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Space time and plurality

The transcendental aesthetic concerns itself with aesthetics as


sensibility from the German meaning of the word as sentient. Kant begins by
showing the differences between form and matter. What he is concerned with
here in this section is the matter or sensations, which is non-relational leaving
all relations a product of the mind. He then goes on to discuss these
sensations that provide the conditions for the possibility of knowledge of which
we have no control over. These sensations are space and time. Kant makes
an argument for space as a synthetic apriori truth and then creates a mirror
argument concerning time.

Leibniz believed that space was an internal imaginative projection of


our own state as monads. However unfortunately for Leibniz he could not
answer questions on how two or more similar object could be located in
different places. For Kant this was not an issue. Space, Kant tries to show, is
what is outside our mind. If an object is not a product of our mind such as a
hallucination then it’s in space. Contrary to Leibniz’s notion on distinguishing
objects through their qualitative identity, objects are different because of their
location in space not because of any qualitative differences. What Kant
claims is that you’d have to be aware of the differences to undergo any
qualitative investigation. There is a similar argument that applies to time
however time is different in that it constituted inside me.

Kant then goes on to the second argument, which states that you can
have space without objects but you can’t have objects without space. He
asks the epistemic question of whether we can have space without objects
and then answers it with geometry. Geometry is an example of space without
objects. Objects however cannot be differentiated unless they are in space
and so we cannot have objects without space. From the previous two
arguments we can conclude that what makes space apriori is that it has to
exist for there to be anything outside us, and that we cannot have objects
without space. If space were not apriori then it would be empirical and
obtained from experience of outer objects. However any experience of outer
objects is impossible without the representation of space. So space must be
apriori.

After showing how space is apriori Kant goes on to explain how space
is a pure intuition. This is where his criticism of Newton’s ideas on space as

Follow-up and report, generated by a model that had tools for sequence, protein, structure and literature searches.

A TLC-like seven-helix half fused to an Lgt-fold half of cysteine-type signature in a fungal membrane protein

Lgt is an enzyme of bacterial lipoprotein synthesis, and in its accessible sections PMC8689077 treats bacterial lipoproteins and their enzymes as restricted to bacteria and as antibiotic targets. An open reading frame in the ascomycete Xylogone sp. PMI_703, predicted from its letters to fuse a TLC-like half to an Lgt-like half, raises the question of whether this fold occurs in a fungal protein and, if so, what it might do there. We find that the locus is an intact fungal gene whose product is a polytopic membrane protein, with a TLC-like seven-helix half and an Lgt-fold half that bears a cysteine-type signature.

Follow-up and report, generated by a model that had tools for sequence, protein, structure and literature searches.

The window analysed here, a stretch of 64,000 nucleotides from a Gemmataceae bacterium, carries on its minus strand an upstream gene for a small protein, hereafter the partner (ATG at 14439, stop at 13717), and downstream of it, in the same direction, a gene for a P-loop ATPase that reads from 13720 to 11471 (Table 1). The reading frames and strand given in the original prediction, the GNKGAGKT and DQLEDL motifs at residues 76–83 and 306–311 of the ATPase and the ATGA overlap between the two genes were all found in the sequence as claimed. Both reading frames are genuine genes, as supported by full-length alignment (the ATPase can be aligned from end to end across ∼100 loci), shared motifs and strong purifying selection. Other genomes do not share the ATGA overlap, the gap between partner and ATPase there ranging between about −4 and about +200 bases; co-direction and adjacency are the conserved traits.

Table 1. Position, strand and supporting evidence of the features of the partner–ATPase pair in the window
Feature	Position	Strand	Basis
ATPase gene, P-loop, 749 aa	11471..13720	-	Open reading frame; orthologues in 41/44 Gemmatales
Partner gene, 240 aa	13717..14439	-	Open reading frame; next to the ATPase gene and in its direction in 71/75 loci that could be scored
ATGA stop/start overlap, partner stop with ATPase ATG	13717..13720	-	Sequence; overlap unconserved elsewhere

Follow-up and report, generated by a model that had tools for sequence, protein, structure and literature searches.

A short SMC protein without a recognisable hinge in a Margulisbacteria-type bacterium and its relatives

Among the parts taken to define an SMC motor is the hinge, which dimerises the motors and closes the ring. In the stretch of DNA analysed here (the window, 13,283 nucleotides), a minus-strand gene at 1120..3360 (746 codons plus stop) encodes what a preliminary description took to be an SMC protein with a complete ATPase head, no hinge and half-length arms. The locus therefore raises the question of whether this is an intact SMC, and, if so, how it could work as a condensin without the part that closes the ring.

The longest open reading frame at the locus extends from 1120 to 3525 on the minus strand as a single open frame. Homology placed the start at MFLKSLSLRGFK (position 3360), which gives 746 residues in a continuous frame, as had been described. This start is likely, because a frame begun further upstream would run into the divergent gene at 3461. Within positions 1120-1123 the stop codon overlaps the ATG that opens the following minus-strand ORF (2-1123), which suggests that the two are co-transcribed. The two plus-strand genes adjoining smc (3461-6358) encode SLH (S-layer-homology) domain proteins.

God’s sensory apparatus begins. This lead to theological determinism and so
Kant wanted to change the question from the metaphysical questions to what
role does space play in our formation of knowledge. Kant does not deny that
we have a concept of space but what he is trying to say is that all our
concepts of space underlie our intuition of space. He asserts there is only
one space of which there may exist some diverse parts but essentially they
are all parts of one whole unique space. Through our intuition of this whole
space we locate a certain part in relation to another part. This is why space is
a pre-intuited. If we didn’t have this pre-awareness of space as a whole we
would not be able to consider its parts. Lastly Kant claims that space is
infinite and this is why I don’t have an idea of space. It’s infinitely divisible and
extended. The question becomes how can I intuit something that is infinite?

Space and time are forms of intuition and not objects of intuition (formal
intuition). So when we don’t intuit it as a whole object but rather as
“successive syntheses”. We can say that geometry is the act of turning forms
of intuition into formal intuition. But you can’t do geometry with concepts
alone. Geometry is a body of synthetic apriori truths. We cannot derive its
proofs from the axioms alone. So Geometry is contingent on our nature and if
the conditions of the possibility of our experience such as Space and time
were to change then geometry would change as well. This leads us to the
final point under discussion, which is that space and time are appearances
and not things in themselves. Space is transcendentally ideal. We cannot
detach it from the conditions of the possibility of knowledge and therefore it
belongs to appearances and not things in themselves. We cannot conceive of
things in themselves as existing in space and time because they are our own
contingent conditions of possibility and to do so would mean to examine
space and time empirically and not transcendentally.